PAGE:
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So the rudder doesn't use ball bearings, just Derlin? What keeps the rudder in the boat? Is it just the quadrant up at the top? Do you glass in the Derlin? Maybe it's all very simple once you start taking everything apart.

 

Yes, take it apart and you will see. No glassing at all, just assembling as is was with new parts.

 

Pretty simple :P

 

Where do you keep your boat?

 

Enclosed a foto of „Spilhaus III“ (not spillhouse) ex „Counterpoint“ near Capetown.

 

„Lets see to get the main one more row down...“

 

This one being Whitbread watch leader and round the world veteran Ted „Padda“ Kuttels („Atlantic Privateer“) second Swede 55, replacing his red hulled „Sweedy“ (boat no. one, which was lost previously in Mauritus).

 

„Counterpoint“ was built in 1982 as no. 31 by Aqva Båt Ab, a little yard in southern sweden which made a few Swede 55s after Fisksaetra Varv in Vaestervik closed. This one was made for Commander Kane who sailed the Annapolis – Bermuda race with some success under ideal reaching conditions with mostly a family crew.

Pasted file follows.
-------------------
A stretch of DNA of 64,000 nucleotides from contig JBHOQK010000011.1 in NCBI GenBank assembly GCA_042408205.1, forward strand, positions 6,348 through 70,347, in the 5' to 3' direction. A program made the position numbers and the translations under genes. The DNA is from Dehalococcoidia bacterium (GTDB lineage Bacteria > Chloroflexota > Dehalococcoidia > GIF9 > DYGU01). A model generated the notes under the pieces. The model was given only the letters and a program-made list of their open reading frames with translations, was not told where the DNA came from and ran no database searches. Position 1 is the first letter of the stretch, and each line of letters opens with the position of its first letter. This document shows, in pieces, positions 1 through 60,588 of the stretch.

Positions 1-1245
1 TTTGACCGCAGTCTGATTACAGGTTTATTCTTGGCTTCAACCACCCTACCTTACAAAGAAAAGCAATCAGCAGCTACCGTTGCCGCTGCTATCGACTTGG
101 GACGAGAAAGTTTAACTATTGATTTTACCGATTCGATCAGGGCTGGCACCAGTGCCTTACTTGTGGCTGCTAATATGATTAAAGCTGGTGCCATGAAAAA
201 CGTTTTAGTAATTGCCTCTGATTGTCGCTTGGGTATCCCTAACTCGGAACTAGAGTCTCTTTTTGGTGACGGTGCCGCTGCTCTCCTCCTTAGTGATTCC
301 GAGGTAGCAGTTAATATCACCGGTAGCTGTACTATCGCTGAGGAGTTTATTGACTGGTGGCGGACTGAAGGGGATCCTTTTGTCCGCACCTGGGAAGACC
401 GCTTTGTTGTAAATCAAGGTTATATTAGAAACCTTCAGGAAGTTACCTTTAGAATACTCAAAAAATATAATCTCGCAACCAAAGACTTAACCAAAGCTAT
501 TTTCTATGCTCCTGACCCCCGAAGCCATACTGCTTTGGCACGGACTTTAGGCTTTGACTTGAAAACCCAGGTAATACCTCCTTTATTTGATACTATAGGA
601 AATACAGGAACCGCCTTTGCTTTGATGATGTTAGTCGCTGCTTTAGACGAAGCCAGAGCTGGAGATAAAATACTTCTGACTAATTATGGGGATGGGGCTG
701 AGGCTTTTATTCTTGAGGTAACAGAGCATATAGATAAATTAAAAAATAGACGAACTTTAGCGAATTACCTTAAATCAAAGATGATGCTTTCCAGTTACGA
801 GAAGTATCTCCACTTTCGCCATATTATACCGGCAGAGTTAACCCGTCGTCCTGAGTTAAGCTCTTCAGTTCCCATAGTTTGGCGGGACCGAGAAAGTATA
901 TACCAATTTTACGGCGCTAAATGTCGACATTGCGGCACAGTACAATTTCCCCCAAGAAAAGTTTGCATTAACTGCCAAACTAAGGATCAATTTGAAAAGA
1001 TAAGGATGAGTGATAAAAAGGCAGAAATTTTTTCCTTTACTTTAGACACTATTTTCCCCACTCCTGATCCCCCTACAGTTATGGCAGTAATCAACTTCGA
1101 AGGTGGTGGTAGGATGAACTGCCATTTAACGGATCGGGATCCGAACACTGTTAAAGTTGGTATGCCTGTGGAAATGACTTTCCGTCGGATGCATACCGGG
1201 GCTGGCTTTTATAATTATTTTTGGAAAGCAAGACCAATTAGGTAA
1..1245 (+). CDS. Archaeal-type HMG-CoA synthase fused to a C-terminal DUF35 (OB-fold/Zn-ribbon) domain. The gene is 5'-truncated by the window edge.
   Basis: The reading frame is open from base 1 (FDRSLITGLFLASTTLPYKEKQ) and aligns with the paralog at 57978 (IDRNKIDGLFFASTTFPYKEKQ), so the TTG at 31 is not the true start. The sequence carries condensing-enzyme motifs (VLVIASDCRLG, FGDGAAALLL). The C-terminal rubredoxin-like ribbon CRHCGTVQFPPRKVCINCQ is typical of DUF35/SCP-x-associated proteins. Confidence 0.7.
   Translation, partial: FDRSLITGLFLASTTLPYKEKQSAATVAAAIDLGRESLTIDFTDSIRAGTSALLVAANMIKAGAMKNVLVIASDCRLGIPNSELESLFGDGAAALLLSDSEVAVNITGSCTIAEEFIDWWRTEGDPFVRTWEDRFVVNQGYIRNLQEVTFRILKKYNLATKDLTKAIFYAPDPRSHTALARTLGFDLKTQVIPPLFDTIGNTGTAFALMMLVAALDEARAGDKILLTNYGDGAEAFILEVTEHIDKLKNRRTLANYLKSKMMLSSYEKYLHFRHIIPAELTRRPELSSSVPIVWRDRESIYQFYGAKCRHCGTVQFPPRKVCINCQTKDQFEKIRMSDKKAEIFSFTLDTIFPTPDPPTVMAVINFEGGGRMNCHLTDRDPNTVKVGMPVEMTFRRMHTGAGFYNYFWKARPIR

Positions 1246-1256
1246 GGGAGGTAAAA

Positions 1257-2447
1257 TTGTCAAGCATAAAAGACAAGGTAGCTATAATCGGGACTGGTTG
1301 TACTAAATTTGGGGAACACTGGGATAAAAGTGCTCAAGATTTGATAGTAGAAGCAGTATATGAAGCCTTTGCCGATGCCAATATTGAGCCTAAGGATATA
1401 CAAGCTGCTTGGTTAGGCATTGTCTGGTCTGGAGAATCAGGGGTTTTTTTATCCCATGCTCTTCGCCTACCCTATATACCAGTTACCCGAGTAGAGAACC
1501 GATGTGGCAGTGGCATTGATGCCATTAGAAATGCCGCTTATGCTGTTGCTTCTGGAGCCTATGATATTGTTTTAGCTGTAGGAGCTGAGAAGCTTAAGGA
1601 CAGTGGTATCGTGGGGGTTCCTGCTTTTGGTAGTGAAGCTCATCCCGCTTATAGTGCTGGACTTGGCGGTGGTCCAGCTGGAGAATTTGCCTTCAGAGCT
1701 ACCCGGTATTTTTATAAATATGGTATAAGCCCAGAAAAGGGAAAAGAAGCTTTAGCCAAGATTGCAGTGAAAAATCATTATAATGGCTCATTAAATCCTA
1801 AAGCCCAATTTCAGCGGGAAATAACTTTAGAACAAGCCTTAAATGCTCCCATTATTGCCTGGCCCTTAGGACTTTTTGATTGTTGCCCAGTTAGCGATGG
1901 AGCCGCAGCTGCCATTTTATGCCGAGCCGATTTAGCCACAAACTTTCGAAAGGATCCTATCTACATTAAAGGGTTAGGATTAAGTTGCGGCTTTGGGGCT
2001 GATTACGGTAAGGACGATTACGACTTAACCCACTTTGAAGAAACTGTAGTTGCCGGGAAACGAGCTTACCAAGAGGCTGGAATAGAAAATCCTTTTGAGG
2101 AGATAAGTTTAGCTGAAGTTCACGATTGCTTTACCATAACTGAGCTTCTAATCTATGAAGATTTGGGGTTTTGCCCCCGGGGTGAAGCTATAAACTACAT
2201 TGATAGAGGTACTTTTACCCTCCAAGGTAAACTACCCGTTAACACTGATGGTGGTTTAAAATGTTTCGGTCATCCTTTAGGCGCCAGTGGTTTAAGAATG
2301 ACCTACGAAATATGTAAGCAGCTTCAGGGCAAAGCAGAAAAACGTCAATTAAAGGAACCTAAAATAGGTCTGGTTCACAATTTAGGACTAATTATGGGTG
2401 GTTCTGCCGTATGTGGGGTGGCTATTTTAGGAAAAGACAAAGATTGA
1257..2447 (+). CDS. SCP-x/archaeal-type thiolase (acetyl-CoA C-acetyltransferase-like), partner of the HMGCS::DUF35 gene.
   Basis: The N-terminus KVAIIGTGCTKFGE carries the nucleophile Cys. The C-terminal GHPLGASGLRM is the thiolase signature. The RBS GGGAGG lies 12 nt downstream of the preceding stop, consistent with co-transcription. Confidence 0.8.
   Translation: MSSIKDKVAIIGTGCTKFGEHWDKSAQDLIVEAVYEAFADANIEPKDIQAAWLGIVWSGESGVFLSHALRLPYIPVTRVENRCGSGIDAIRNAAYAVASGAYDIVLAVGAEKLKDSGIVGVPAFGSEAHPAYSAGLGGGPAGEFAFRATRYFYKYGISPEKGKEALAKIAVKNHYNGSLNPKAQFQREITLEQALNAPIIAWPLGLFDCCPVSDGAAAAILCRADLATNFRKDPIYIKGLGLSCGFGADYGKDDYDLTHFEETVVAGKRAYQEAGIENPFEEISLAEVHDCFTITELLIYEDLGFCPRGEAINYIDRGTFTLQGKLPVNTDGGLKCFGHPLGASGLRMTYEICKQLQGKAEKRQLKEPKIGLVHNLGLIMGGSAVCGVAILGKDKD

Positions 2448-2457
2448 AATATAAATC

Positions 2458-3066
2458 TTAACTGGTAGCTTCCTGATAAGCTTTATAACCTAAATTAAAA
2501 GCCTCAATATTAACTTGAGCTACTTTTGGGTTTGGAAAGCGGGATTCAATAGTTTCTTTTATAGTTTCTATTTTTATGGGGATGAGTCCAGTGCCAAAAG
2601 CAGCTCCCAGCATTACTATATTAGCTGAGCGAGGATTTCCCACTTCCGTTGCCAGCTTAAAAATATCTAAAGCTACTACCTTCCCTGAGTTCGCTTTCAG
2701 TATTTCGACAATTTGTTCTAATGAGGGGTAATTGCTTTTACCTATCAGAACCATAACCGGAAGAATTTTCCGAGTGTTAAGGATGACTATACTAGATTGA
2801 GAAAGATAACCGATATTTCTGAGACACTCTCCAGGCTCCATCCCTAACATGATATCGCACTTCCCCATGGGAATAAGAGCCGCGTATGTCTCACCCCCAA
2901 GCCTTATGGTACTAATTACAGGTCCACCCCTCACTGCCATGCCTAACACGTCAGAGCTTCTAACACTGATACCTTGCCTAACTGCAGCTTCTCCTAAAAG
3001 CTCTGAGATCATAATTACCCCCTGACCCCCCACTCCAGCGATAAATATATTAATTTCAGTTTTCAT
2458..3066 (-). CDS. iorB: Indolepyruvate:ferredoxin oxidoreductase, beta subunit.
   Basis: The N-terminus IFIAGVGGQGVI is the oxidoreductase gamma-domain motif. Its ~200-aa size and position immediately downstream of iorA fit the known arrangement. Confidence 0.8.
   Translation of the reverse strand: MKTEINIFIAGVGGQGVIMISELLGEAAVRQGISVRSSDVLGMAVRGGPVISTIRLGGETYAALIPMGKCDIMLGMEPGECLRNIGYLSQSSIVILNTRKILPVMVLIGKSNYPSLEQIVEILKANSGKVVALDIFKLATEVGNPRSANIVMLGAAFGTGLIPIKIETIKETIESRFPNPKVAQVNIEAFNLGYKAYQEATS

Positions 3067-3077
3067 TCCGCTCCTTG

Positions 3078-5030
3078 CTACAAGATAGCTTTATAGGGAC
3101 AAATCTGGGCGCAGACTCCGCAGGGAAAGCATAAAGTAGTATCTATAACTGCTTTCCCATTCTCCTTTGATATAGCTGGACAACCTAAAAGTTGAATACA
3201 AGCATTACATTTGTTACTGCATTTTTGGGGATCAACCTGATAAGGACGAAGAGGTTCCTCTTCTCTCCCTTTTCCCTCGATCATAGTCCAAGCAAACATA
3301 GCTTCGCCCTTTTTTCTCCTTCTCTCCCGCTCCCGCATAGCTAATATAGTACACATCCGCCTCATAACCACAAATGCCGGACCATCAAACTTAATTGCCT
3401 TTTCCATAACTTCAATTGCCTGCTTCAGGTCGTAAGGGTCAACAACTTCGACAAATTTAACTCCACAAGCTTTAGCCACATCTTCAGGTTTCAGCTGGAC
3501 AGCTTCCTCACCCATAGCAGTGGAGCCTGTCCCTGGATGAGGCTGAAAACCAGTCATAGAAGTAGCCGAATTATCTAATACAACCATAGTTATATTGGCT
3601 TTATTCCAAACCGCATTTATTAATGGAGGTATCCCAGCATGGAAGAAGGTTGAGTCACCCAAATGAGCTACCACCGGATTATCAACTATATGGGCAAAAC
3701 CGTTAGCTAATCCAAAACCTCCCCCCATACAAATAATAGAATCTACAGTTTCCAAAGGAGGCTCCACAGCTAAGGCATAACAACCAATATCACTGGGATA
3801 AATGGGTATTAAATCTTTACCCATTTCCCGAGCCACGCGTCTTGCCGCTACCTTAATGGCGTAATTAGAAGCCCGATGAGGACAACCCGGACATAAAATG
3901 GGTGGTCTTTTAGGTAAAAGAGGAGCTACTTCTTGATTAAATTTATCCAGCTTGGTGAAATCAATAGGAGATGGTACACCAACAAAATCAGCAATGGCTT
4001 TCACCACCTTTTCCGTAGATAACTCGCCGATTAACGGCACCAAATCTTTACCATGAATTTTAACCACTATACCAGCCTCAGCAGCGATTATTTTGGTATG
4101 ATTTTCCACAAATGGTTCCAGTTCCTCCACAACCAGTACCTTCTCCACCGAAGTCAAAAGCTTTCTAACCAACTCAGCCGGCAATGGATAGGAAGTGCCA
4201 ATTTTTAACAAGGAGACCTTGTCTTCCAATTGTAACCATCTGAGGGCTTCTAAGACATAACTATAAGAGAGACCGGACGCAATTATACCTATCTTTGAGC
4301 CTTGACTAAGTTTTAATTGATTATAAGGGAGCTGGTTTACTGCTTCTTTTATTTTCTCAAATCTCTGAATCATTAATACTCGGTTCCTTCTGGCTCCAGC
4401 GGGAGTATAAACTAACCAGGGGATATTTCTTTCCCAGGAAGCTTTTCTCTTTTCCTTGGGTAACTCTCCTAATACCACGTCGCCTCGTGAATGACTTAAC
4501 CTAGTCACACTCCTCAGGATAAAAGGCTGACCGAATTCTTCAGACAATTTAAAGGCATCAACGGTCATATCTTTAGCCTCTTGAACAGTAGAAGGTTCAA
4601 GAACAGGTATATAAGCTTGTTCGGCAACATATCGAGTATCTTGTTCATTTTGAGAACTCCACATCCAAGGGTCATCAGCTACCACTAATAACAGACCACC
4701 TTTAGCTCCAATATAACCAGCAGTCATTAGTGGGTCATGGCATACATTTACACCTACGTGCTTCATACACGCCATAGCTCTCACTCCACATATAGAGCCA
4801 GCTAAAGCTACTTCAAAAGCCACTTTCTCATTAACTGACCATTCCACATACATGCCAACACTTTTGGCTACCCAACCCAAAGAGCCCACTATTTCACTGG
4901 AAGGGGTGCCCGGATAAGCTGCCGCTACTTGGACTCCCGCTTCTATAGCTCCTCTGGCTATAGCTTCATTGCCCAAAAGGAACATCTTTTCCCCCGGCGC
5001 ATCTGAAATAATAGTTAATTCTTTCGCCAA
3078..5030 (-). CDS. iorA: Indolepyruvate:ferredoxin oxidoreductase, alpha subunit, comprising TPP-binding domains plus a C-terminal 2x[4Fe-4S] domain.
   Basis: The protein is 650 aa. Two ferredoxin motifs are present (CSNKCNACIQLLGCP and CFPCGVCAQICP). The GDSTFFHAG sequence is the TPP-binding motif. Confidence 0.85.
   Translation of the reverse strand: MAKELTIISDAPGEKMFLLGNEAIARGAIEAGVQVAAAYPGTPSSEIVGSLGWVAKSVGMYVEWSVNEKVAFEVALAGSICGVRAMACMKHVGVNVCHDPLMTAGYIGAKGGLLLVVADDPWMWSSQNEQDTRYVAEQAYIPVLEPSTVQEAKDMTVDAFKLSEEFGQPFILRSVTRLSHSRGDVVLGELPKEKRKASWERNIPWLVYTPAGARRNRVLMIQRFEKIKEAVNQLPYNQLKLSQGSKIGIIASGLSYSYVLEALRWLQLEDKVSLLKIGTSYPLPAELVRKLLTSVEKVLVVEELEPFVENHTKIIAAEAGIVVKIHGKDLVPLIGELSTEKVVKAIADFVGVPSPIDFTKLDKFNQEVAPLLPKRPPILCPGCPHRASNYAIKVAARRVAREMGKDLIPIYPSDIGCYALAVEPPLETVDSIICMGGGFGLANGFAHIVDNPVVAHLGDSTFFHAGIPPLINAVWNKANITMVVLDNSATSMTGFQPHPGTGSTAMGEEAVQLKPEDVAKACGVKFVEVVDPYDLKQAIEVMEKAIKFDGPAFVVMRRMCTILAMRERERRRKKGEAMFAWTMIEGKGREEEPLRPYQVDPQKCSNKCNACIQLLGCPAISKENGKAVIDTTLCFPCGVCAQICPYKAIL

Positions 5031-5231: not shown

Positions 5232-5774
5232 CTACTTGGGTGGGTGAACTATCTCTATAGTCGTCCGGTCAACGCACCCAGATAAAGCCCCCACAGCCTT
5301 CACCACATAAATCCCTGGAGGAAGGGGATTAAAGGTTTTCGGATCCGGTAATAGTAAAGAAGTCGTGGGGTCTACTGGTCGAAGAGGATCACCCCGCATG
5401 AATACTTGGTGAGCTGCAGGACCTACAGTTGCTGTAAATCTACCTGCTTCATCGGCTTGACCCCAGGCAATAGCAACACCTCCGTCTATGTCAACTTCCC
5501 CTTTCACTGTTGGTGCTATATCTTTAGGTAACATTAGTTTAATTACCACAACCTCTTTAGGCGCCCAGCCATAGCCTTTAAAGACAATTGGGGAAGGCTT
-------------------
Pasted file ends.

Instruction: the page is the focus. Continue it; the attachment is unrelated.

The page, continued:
„Counterpoint“ is in Capetown since 1992

post-24585-1199822710_thumb.jpg

post-24585-1199822761_thumb.jpg

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"I'm the king of boat parts in the house - right now all the teak is in the living room (I'm building all new hatches and refinishing all the trim) The new traveler system is in the office, the winches are in the dining room...and yes I'm still married. I have an old Folkboat rudder that I've considered making into the living room table once or twice "